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Recording and Modulation of Neuronal Mechanisms During Operant Conditioning: a MEG Study

The safety and scientific validity of this study is the responsibility of the study sponsor and investigators. Listing a study does not mean it has been evaluated by the U.S. Federal Government. Read our disclaimer for details. Identifier: NCT01006109
Recruitment Status : Terminated
First Posted : November 2, 2009
Last Update Posted : September 10, 2019
Information provided by (Responsible Party):
National Institutes of Health Clinical Center (CC) ( National Institute of Neurological Disorders and Stroke (NINDS) )

Brief Summary:


- Most of the time, humans make decisions according to their consequences, especially if they will be beneficial, and will avoid or try to avoid doing an action if it has a bad outcome. The way that the brain prepares a movement has been studied in detail, but the way the brain makes decisions before carrying out an action is still poorly understood. Researchers are interested in learning more about the decision-making process and how it affects the brain.


- To record the activity of the brain during decision-making processes.


- Healthy, right-handed volunteers between 18 and 40 years of age.


  • Potential participants will have a screening visit with a medical history and neurological examination to determine eligibility.
  • This study requires seven visits: one magnetic resonance imaging (MRI) visit and 6 magnetoencephalography (MEG) recording visits. The MEG recording visits will include transcranial magnetic stimulation (TMS). All visits will be spaced at least 1 week apart. Total participation will last about 6 weeks.
  • Participants will have an MRI scan at the first study visit.
  • The MEG procedures will record brain activity during a series of computer tests involving winning or losing money. TMS will be performed during these visits, separate from the test....

Condition or disease
Central Nervous System

Detailed Description:


The objective is to study cerebral activity associated with reward-related decision making. We plan to analyze and localize electrical activity of the brain related to such processes with magnetoencephalography (MEG). We also want to modulate the activity of these areas using repetitive transcranial magnetic stimulation (rTMS). We would like to analyze the consequences of these procedures on both brain activity and behavioral performance. This protocol will provide new information on cortical regions involved in decision-making and how these areas communicate with one another.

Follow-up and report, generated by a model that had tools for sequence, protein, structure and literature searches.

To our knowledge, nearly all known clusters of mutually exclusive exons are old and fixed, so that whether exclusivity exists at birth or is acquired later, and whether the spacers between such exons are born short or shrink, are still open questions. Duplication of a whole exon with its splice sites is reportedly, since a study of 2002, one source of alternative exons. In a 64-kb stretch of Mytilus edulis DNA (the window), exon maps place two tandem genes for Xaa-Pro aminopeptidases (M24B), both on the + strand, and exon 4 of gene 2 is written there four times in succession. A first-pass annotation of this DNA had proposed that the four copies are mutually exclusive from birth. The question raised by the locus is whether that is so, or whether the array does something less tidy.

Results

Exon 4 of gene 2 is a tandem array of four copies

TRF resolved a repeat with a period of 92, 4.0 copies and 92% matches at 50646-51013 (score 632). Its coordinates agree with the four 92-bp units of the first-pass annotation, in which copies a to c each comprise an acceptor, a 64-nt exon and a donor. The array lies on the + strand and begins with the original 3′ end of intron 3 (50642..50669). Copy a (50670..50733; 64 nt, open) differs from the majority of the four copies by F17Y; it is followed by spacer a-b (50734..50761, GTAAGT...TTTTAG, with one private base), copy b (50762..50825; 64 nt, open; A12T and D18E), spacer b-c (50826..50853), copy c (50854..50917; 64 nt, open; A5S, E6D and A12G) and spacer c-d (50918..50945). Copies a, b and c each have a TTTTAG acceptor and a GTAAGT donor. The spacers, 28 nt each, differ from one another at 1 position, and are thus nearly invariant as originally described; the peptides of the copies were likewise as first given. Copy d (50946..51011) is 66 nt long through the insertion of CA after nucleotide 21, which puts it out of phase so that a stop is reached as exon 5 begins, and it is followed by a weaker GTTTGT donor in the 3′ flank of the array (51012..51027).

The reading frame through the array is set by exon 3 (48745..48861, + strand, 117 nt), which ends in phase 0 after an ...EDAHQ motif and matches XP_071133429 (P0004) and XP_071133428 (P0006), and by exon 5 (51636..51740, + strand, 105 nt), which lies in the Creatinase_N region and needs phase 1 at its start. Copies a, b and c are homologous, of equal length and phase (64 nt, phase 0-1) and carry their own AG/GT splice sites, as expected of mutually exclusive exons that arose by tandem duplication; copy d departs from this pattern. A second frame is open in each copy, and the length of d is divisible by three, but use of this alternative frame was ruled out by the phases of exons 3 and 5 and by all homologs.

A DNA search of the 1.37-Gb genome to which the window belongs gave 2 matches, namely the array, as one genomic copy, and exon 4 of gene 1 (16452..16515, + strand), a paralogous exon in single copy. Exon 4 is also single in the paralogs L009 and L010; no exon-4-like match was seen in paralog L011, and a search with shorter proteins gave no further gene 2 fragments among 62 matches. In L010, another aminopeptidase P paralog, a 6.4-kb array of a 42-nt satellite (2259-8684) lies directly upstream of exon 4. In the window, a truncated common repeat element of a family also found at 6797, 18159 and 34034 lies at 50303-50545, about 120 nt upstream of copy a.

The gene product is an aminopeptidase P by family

Study population:

50 right-handed adult healthy volunteers.


A probabilistic reversal task will be performed: subjects will have to choose between pairs of stimuli associated with changing probabilities of rewards and losses. Using MEG, their cerebral activity will be recorded during task performance.

Since we want to modulate the cortical activity of cerebral areas involved in reward-related decision making, the study will be carried out in 8 different visits (screening visit, structural MRI acquisition and 6 recordings visits). In one visit, decision-making will be studied with no previous cortical stimulation. In 3 visits, decision-making will be studied after stimulation of one of 3 regions of interest. In one visit, decision-making will be studied after stimulation of a cortical area that is not thought to be involved in the process. Lastly, decision-making will be analyzed following a sham stimulation to test a possible placebo effect of rTMS.

Outcome measures:

Outcome measures are as follow:

  1. Task-related: reaction time and error rate during the task performance.
  2. MEG signal: scalp and source coherence between cortical regions, amplitude and latency of event-related potentials and even-related (de)synchronization.

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Study Type : Observational
Actual Enrollment : 20 participants
Observational Model: Case-Only
Time Perspective: Cross-Sectional
Official Title: Recording and Modulation of Neuronal Mechanisms During Operant Conditioning: A MEG Study
Study Start Date : October 22, 2009
Study Completion Date : September 7, 2017

Primary Outcome Measures :